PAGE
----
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Skateboarding 101: Competition format

Skateboarding 101: Competition format
Posted at 4:16 PM, Mar 11, 2021
and last updated 2021-04-05 12:01:41-04

Basics

Skateboarding competition in Tokyo will feature two disciplines: park and street. There is a women's event and a men's event in each discipline.

Helmets: Athletes under the age of 18 are required to wear helmets. The contest director will not start the competition if skaters required to wear helmets are not wearing them. Failure to do so will invalidate any skater's score (if he/she/they are under 18) and result in disqualification.

Warm-up period: Athletes will have pre-competition practice time and at least five minutes of a warm-up period to practice their tricks before the start of their heat. 

Starting: For all run and trick attempts, skaters are given five seconds to start after the starter's signal. If the skater purposefully does not begin their run or trick attempt within five seconds, they will lose the opportunity to be scored on that attempt at the discretion of the contest director. The clock is triggered by the timekeeper when the skater places both feet on his/her board at the start of the run. A horn signal is triggered when the time expires. A trick will be considered during time and scored if it is in progress before the horn signal. The head judge will decide if a trick completed after time will be scored. 

Stops/restarts: If competition is interrupted during a skater's performance, it will resume from where it was interrupted and the interrupted skater will get a restart. If there is external interference during a skater's performance, the contest director at his/her discretion can give the skater a restart option if he/she believes it compromised the athlete's performance. 

DNS/replacement: If a skater who has qualified for the final cannot start the final (i.e., is injured during the warm-up), he/she/they are not replaced and will be ranked last in the final. If a skater is disqualified for unsportsmanlike behavior (DQB) before the start of the final, the next highest ranked non-qualified skater will advance. 

Equipment failure: If a skateboard breaks during a run, a skater can try to continue with the broken equipment (in which case the clock is not interrupted and the run is scored up until the withdrawal or the end of the run). The skater can also be provided with a replacement skateboard (in which case the clock is not interrupted and the run is scored up until the end of the run). If the skater stops, the run is scored up until the withdrawal. 

Women's and Men's Park:

Park competition is contested in a dome-shaped bowl. Athletes are judged on the tricks and maneuvers they complete during timed runs, as well as flow, use of the course and execution (i.e., based on “overall impression” and not specific tricks). 

Competition Overview: Competition consists of a preliminary round and final round. Five judges will evaluate competitors using a 0-100-point scale. The highest and lowest scores are dropped, and the remaining three scores are averaged to calculate a score for each run.    
 
Preliminary Round:
Twenty skaters compete in four heats of five skaters by random draw. Competition consists of three 45-second runs. Best score of the three counts for advancement to the final. The top eight skaters overall (regardless of heat) advance to the final.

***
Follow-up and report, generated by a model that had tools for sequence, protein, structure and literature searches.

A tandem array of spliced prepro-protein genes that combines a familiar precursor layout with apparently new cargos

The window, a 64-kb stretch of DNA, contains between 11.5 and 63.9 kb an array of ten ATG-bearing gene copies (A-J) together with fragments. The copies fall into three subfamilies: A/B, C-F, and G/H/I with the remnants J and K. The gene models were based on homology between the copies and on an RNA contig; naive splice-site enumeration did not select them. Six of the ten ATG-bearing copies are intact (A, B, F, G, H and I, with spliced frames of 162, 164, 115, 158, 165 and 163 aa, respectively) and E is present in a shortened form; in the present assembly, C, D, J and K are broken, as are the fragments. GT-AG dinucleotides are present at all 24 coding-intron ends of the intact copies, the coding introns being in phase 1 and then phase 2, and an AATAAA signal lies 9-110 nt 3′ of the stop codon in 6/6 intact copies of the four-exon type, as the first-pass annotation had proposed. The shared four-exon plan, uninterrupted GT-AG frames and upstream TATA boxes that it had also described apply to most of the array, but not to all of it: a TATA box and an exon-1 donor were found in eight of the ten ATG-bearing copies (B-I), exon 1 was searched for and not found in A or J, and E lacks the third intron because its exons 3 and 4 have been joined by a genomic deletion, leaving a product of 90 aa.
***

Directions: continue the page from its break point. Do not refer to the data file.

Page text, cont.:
Final: Eight skaters will have three 45-second timed runs (no scores carry over from the preliminary round). Best run score counts.

Tie breaks: The score of the second-highest run decides the tie break. If still tied, the next highest run score breaks the tie. This continues until the tie is broken. If it is still impossible to break the tie, the jury votes to break it and each judge has one vote. 

Stoppages: The clock is stopped if a fall occurs. The run will be terminated before expiration of the time limit and scored. 

Women's and Men's Street:

Street competition involves a series of jumps, rails and other features athletes utilize during their runs.  

Competition Overview: Competition includes a preliminary round and final round. Athletes will complete two runs and five “tricks” (which are executed like runs but only involve a single trick instead of a series of tricks) in each round. Five judges will evaluate the runs and tricks on a 0-10-point scale for each run/trick. The highest and lowest scores for each run or trick are dropped, and the remaining three scores are averaged to give a score for each run and trick (seven total). The best four scores from runs or tricks will be added to give the total round score (for a best possible score of 40, if an athlete was to earn the maximum number of points on all four counting runs/tricks). Each skater in the heat performs a single attempt at a time, and the order of skaters progresses through the heat completely before moving on to the next attempt beginning with the first skater in the heat.  

Preliminary Round: Twenty skaters compete in four heats of five skaters based on a random draw. They perform two 45-second runs and five trick attempts. The top eight skaters overall (regardless of heat) advance to the final.  

Final: Eight skaters perform two runs and five tricks again (see above for scoring procedures). The athlete with the best combined score (as outlined above) wins. 

Tie breaks: The highest-scoring run decides the tie break. If still tied, the five judges will vote electronically on who is first. In the case of several ties, they will be asked to vote for second-best, etc. 

Stoppages: The clock is not stopped for any reason. If the run has to be interrupted for external reasons, the skater will be given a restart. 

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